A recent Christian Post article exploring the results of another survey showing a decline in the popularity of Christianity in the U.S. is, as is true of most Evangelical expulsions, entertaining for its lack of insight into how people view them.
By definition, Evangelicals are living a life built on lies and denial. It is one thing to believe in a conscious creator of the universe and leave it at that (I don’t, but it’s not a strictly irrational idea) but quite another to reject evolution and other basic scientific realities. So in a sense, it shouldn’t be surprising when Evangelicals turn out to be moral hypocrites as well as purveyors of — to be kind — psuedo-scientific nonsense.
But one would think that they would at least be able to understand why other people are not okay with their whole scam. That is, they should appreciate that there are valid reasons that other people aren’t on board with their peculiar shambles of an alternative reality. In the article, the writer and his interviewees wring their godly hands over the reasons members of “Gen Z” (teenagers and younger, at the moment) aren’t hitching their wagons to the fundie train in the same numbers they used to. The attribute some of this to people favoring science over religious dogma (horrors!) and they also finger gays and gender-fluidity — not in the sense of “gay people in general are more comfortable coming out at younger ages and hence turning their backs on institutions that demonize them,” which is true, but with the usual “Those faggots and trannies keep stealing and corrupting our pure children” undertones.
What these observers neglect is the likelihood that an increasing number people, even a few already religious ones, are being turned off by Evangelicals’ recent displays of staggering hypocrisy. While hypocrisy is a feature, not a bug, of this religious sect and many others, it’s become more flagrant than ever in the past couple of years, with their support of a clearly non-biblical shitstain of a president and their rallying behind whatever one chooses to call the brain-dead purse-lipped monstrosity known as Roy Moore.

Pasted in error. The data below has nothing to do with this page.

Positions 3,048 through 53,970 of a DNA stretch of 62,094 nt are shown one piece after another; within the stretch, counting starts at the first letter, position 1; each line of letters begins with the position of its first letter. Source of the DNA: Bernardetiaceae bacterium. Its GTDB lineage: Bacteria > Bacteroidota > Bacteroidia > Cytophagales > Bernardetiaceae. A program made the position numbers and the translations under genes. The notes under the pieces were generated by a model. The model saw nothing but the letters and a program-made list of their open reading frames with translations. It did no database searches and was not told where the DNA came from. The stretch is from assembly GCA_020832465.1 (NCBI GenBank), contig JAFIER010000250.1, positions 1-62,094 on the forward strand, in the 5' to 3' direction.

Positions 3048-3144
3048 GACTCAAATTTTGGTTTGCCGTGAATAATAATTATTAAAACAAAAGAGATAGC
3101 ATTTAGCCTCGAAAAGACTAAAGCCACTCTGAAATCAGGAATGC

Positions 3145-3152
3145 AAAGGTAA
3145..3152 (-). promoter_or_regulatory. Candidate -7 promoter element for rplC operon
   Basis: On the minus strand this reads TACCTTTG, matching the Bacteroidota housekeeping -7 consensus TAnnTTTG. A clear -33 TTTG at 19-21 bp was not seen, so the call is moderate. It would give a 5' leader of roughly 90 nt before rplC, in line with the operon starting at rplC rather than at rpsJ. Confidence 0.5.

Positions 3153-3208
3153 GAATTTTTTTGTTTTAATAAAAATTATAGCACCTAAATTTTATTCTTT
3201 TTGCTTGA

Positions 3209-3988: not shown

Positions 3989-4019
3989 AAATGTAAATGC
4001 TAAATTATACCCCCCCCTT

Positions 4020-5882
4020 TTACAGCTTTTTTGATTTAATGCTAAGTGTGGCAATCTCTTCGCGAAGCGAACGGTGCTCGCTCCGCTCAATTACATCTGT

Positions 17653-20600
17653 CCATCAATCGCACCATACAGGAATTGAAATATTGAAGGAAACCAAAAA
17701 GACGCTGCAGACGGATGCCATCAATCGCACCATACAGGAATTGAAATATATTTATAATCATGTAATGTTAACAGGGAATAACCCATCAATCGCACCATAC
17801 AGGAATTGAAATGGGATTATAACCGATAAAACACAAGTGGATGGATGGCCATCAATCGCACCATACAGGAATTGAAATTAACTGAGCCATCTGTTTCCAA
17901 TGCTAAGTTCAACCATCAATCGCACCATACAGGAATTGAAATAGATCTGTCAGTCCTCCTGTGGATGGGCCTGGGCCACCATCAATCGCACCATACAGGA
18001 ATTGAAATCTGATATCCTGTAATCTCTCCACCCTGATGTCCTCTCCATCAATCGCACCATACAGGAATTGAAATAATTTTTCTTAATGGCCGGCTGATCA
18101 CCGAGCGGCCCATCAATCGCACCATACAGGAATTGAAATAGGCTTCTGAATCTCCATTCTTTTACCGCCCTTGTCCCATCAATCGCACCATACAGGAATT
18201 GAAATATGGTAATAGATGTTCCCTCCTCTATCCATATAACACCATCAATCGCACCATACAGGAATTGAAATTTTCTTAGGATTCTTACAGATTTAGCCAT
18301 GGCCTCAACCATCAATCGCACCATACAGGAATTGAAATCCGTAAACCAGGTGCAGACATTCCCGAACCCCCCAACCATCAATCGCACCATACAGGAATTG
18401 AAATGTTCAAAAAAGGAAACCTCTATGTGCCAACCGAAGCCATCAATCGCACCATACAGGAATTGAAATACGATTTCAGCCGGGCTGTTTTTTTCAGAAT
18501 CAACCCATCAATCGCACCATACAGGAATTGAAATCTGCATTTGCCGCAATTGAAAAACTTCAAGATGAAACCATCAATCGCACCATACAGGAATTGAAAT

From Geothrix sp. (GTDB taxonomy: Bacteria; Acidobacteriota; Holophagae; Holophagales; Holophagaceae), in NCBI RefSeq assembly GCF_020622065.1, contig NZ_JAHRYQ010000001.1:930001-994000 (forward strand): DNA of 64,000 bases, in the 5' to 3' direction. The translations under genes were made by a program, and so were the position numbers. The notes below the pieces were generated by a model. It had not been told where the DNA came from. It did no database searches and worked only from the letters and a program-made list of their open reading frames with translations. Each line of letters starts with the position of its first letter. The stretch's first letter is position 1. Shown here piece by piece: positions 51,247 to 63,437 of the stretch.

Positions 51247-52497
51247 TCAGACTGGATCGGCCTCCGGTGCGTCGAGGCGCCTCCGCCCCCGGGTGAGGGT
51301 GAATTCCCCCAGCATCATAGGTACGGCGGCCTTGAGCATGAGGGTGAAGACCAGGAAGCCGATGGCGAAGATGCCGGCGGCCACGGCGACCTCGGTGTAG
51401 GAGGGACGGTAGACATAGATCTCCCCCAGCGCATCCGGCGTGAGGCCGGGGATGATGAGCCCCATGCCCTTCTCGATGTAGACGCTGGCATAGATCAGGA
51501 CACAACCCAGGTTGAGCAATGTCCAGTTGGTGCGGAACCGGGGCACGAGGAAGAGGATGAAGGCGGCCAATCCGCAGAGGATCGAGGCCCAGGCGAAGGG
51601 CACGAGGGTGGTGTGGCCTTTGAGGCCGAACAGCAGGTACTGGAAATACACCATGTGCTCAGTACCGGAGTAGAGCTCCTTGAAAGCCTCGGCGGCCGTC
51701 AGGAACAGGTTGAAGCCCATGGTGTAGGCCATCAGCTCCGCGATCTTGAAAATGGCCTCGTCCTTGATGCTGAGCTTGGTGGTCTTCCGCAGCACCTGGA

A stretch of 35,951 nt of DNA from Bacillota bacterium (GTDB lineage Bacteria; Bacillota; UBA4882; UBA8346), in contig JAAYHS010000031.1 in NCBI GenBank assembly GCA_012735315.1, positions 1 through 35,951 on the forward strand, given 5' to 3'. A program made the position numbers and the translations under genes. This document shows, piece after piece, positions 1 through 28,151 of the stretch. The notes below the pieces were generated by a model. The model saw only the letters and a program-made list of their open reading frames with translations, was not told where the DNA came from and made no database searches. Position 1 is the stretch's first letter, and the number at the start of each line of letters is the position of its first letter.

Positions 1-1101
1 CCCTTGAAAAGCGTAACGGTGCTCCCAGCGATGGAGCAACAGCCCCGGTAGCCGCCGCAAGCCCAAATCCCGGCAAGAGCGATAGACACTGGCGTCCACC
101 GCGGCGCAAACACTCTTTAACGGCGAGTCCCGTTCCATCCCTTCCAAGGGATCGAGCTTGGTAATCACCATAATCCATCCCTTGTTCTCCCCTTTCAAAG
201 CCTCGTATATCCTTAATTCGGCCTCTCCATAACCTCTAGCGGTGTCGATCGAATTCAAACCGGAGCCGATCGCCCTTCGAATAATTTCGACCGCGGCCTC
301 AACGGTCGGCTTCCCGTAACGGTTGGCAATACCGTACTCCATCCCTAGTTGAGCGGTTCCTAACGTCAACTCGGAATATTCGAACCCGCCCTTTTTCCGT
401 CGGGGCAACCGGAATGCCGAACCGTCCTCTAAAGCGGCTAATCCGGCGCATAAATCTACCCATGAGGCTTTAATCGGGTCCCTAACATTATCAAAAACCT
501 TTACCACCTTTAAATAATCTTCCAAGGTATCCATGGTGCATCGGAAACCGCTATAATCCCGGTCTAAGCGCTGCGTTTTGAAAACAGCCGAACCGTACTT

Kids, through no fault of their own, may be naive in a lot of ways, but they are not unobservant. When they see TV or Internet clips that show inarticulate people unspooling load after load of horseshit, and notice that a common thread among these people is the ferocity of their Bible-thumping, they’re not likely to think “Now that’s a fuckin’ club I want into.”
Soon, Evangelicals will need to start recruiting solely from places where people are found with their tongues stuck to frozen lampposts and their nostrils atrophied from lack of respiratory use (but bleeding for other reasons).
Also, things like this don’t help:
Considering how important heterosexuality and Millennials are to Evangelicals, you’d think that the Christian Post scholars would get the spellings of these terms right.
If you happen to be young and intelligent, you’re probably mortified at the number of adults who are clearly living in a fantasy world and walling themselves off from reality, regardless of the ultimate costs. The backward morality of Evangelical Christianity aside, maybe increasing numbers of young people just don’t want to be affiliated with people who emit the stench of dipshit from half a block away.